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Financial advice

Seeing the bigger picture

03 February 2015

Financial advice can make all the difference when it comes to planning for a bountiful future.

Between 2009 and the end of 2013, the number of financial advisers in the UK fell by 15%, according to research from the Association of Professional Financial Advisers. That reduction reflects the drive to greater professionalism in the industry by regulators through the Retail Distribution Review, which introduced new rules on the training and competence of advisers, and the way they are paid by clients.

Yet the need for impartial, professional financial advice has never been greater. Mis-selling scandals, the increasing complexity of financial products and the growing imperative for us all to save more for our retirement means that even the most informed of investors will be in need of expert guidance. The government recognises this through initiatives such as the free pensions guidance to be offered through organisations including Citizens Advice and The Pensions Advisory Service. Guidance is a good start, but advice will be vital, and not just to ensure people make the right retirement decisions.

The regulatory changes have also spawned a wave of internet services, including fund supermarkets and companies claiming to be able to build investment portfolios based on little more than a lifestyle questionnaire. While these services, whether from the government or private companies, may be able to guide investors on the options available, they cannot, and do not claim to, offer tailored advice based on an individual’s circumstances, goals and financial position.

Adrian Batchelor, director of the Academy – the training college for St. James’s Place Partners – says:

 ‘The financial world is becoming ever more complex. We have specialists whose sole purpose is to pore over legislative changes, over every page of the Budget, to work out the implications for our clients and to keep our Partners up to date. I don’t know how people without access to that kind of information are meant to cope. It’s very difficult without that knowledge.’

Batchelor points out that in real life people rarely have just one financial need in isolation. ‘You might start by thinking you need to sort out your pension, but the ensuing conversation with your adviser could reveal that there are other gaps in your financial planning,’ he says.

Some financial decisions, such as opening bank accounts or sorting out home insurance, can easily be done independently. For the bigger issues, particularly those which require some forward planning, good financial advice is vital. Without advice, it can be hard to see the big picture: to appreciate how all the products and investments interact and combine; to assess where the gaps and imbalances are; and to define what needs to be done so you can achieve your goals.

There is growing evidence of the tangible benefits that professional advice can bring. Research conducted by insurance company Standard Life in 2014 shows how financial advice can fill in those gaps in an investor’s knowledge. The survey found that consumers who have taken pension advice during their working lives have a more realistic view of how much they need to save to produce sufficient retirement income. As a result, they end up with pension funds twice the size of those who did not seek advice, at an average of £74,554 compared to £37,277 for those going it alone.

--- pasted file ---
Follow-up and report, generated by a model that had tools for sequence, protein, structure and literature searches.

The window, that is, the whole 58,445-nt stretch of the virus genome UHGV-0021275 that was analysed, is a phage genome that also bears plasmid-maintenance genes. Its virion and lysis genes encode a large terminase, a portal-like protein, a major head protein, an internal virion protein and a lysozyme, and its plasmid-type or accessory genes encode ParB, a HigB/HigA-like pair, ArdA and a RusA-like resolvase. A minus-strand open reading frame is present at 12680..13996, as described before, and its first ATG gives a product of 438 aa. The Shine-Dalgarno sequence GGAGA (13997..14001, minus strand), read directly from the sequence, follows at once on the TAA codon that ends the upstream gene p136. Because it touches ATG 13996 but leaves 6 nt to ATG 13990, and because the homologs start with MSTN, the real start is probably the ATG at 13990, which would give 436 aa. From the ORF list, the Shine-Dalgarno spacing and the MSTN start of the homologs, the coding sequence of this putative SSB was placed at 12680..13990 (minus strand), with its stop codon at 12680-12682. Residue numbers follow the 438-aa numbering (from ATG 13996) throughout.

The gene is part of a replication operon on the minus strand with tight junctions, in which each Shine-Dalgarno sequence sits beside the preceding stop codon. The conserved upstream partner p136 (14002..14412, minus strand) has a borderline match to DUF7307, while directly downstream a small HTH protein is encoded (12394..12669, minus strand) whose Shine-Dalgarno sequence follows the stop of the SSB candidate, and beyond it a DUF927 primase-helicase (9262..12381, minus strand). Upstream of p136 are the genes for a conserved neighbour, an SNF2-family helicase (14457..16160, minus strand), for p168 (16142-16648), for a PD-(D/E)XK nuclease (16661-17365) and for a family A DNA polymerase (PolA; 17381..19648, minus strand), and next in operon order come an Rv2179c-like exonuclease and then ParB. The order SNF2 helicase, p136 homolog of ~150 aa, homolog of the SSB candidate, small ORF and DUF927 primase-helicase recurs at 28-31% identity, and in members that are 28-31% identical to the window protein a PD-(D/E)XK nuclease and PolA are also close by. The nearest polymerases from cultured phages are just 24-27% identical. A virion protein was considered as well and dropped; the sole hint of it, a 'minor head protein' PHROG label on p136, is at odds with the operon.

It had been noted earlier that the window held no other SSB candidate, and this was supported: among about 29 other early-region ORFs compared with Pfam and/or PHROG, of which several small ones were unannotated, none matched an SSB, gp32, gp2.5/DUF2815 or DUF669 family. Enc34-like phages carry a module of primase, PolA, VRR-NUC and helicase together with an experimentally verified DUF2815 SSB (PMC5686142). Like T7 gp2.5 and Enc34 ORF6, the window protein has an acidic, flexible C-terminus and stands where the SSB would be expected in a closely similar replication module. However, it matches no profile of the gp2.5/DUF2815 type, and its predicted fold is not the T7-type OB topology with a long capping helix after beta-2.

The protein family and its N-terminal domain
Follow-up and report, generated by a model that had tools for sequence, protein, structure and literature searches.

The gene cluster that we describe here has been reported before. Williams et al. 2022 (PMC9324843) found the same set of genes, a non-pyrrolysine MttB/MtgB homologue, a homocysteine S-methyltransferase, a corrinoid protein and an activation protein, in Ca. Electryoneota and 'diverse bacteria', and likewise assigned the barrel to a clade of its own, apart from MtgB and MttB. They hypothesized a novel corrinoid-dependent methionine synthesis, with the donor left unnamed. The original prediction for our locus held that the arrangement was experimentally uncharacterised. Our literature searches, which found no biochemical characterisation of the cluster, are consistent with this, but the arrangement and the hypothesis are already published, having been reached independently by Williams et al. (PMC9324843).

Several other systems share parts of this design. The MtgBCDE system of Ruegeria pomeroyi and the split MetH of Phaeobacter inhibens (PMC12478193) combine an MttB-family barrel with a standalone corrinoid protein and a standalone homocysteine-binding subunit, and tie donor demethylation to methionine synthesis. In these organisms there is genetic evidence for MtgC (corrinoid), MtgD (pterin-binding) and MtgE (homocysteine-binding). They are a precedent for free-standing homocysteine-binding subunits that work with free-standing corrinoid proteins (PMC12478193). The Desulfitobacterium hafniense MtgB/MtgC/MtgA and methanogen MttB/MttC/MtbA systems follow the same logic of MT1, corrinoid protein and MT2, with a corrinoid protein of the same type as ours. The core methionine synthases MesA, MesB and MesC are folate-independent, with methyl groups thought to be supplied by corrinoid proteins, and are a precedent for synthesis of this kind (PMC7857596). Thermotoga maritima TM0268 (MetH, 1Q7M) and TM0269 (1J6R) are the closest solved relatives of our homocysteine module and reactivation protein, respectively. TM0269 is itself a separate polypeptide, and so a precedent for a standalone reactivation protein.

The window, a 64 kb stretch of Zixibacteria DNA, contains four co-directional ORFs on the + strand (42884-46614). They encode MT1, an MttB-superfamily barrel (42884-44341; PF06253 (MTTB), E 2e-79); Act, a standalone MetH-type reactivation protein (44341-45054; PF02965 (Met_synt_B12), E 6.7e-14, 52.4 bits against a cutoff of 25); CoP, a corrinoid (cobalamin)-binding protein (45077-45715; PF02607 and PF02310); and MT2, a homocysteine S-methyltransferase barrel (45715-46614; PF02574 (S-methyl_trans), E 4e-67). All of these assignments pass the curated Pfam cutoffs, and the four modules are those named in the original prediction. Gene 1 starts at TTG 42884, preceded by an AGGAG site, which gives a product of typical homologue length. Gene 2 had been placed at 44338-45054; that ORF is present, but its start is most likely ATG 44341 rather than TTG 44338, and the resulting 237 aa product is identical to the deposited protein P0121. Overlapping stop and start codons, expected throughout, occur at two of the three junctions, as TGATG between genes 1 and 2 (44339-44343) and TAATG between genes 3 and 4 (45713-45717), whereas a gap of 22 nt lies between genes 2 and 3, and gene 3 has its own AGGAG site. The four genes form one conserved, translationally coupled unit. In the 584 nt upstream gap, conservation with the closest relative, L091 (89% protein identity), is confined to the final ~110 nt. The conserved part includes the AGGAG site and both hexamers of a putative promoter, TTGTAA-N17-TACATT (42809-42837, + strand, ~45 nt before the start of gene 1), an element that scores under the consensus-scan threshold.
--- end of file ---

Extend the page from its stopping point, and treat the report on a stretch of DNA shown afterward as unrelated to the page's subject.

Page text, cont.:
There is a detailed process that a financial adviser goes through to ensure a client’s financial plan is correct for the client at the outset, backed by regular reviews to ensure that the plan remains appropriate and is on course to achieve the goals – something that DIY investors will often neglect.

 “It is also easy to overlook the fact that attitudes towards risk change over time.”

One action that is easily overlooked by people doing their own financial planning is risk assessment. Investors should be familiar and comfortable with the concept of having their attitude to risk assessed as it should be one of the first activities undertaken with their financial adviser. It is, however, too easy to forget about risk after the initial assessment and to concentrate on performance instead. Indeed, assessing the risk and volatility of different investment vehicles is something that an ordinary investor would find very hard to do alone.

Also, investors should adjust their portfolios over time, for example, as they approach retirement or as circumstances change. Without an adviser, will the right choices be made?

A good financial adviser will want to review attitudes to risk at regular intervals to ensure that your financial plan and investment portfolio are still true reflections of your attitude and aspirations.

Even when you believe you have done everything you possibly could to anticipate changes in your own circumstances, the government may introduce legislation, change rules or develop new products that make a review of your finances essential.

There is evidence that the financial service industry is now adapting well to the rigours of the Retail Distribution Review, with the number of advisers now showing a slight increase and evidence of growing professionalism across the industry. That is welcome in an industry so vital for everyone’s financial future.


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